“These bones are the people of Israel. They say: Our bones are dried up and our hope is gone; we are cut off. Therefore prophesy and say to them…I will settle you in your own land. Then you will know that I the Lord have spoken, and I have done it, declares the Lord.” – Ezekiel 39:11-14*
It seems ages ago that in 1776 the founders of America signed the Declaration that would create a new kind of nation in this world, and further back yet that the Pilgrims landed at Plymouth to found that early American colony in 1620. And still longer ago that Columbus sailed around the globe to find the New World in 1492. It all seems like ancient history.
But today, in 2017, I walk along the walls of the city of Jerusalem and look upon the “new” walls of the Old City, erected by Suleiman the Great in 1541, nearly two and a half centuries before the Declaration of Independence. Beneath those new walls lie the remnants of the older walls constructed by Herod the Great (along with the still-intact Western Wall) before the time of Jesus in the 1st century, and destroyed by the Romans in 70 AD. And beneath those stones lay the remnants of the walls built by King Hezekiah in the 8th century BC, and even those remaining from the building of King Solomon of the first temple in the mid-10th century BC. Now in the excavations of the City of David are found the chambers and artifacts of King David, Solomon’s father, from the early 10th century BC.
Found also in the dig are the remnants of the Jebusites who dwelled here at the time of Joshua’s entering the Land of Canaan around the 13th century BC. And here in the center of the Old City is the Temple Mount, the place where Abraham took his son Isaac back around 1900 BC, where the first and second temples of Israel stood, and currently occupied by an Islamic mosque since their invasion in the 7th century AD. That is nearly 4000 years of history in this ancient city of Jerusalem, the city from which came forth the Bible, which changed human consciousness forever.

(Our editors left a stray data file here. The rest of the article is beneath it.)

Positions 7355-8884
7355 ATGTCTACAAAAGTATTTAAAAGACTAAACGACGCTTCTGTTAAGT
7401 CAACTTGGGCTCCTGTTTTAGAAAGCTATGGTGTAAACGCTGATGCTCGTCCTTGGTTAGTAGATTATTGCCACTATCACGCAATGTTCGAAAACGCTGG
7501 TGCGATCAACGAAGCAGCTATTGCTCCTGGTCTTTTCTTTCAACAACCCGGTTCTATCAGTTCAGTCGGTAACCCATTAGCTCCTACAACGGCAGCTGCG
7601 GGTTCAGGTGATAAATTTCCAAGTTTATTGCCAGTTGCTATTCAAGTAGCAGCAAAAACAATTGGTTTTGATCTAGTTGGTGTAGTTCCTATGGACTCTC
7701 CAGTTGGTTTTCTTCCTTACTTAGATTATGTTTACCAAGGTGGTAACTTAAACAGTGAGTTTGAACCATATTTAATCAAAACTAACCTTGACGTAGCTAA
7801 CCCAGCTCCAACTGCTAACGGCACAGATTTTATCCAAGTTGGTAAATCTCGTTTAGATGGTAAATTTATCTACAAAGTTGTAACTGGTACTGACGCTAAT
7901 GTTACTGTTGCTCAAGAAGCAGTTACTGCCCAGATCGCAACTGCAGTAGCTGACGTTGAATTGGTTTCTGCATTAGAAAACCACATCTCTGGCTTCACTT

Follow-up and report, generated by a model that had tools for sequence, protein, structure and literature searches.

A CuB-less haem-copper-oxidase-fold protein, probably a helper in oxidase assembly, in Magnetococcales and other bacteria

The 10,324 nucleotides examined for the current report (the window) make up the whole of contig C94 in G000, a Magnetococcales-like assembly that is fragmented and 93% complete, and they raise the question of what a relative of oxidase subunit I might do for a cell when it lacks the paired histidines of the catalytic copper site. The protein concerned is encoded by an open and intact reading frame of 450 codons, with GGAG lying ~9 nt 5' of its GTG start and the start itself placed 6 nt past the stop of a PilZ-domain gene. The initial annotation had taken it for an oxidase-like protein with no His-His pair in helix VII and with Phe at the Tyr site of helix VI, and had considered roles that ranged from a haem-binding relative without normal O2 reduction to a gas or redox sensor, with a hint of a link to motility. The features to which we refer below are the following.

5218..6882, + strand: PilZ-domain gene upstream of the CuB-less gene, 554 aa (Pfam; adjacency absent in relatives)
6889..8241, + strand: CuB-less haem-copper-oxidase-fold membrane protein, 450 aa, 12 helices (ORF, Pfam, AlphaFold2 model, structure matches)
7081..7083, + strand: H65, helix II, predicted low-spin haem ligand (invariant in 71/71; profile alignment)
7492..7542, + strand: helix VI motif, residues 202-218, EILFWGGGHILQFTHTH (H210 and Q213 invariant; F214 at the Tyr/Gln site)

On top of all that now stands a living phenomenon unknown to any part of human history. Unexpected by most of the world’s religions and nations, the remnant of the exiled and scattered Jewish people have returned to the very city from which they were exiled nearly 2000 years ago. Now the rubble and filth have been exchanged for a vibrant city of advanced modernity to blend with its ancient structures and history, just as was foretold by the Biblical prophets. By no small “coincidence” a 2000 year-old scroll was discovered just as the nation of Israel rose to be once again an important nation among nations. In 1947, a Bedouin shepherd discovered in a Dead Sea cave the entire scroll of the Prophet Isaiah, a scroll predicting that return of the Jewish people to the Land of Israel, a scroll that may now be viewed in the Shrine of the Book at the Israel Museum in Jerusalem.
The scroll reads thus: “Fear not, for I am with you; I will bring your offspring from the east, and from the west I will gather you. I will say to the north, Give up, and to the south, Do not withhold; bring my sons from afar and my daughters from the end of the earth.” – Isaiah 43:5-6
In the 1967 Six-Day War, reminiscent of the six days of creation, Jerusalem was delivered once again to the hands of the Jewish people. Shortly after that deliverance was discovered this text carved long ago into the ancient Herodian stones of the Western Wall: “When your eyes see this, your heart shall rejoice, and your bones shall flourish like grass; for the hand of the LORD shall be known to His servants, and His fury to His enemies.” – Isaiah 66:14
And: “Who has ever heard of such things? Who has ever seen things like this? Can a country be born in a day or a nation be brought forth in a moment? Yet no sooner is Zion in labor than she gives birth to her children. Shall I bring to the point of birth and not give delivery? says the LORD. Or shall I who gives delivery shut the womb?”says your God.” – Isaiah 8-9
That day was May 14th, 1948, the rebirth of the nation of Israel, not so very long ago at all.
atzemot – bones
atzmaut – independence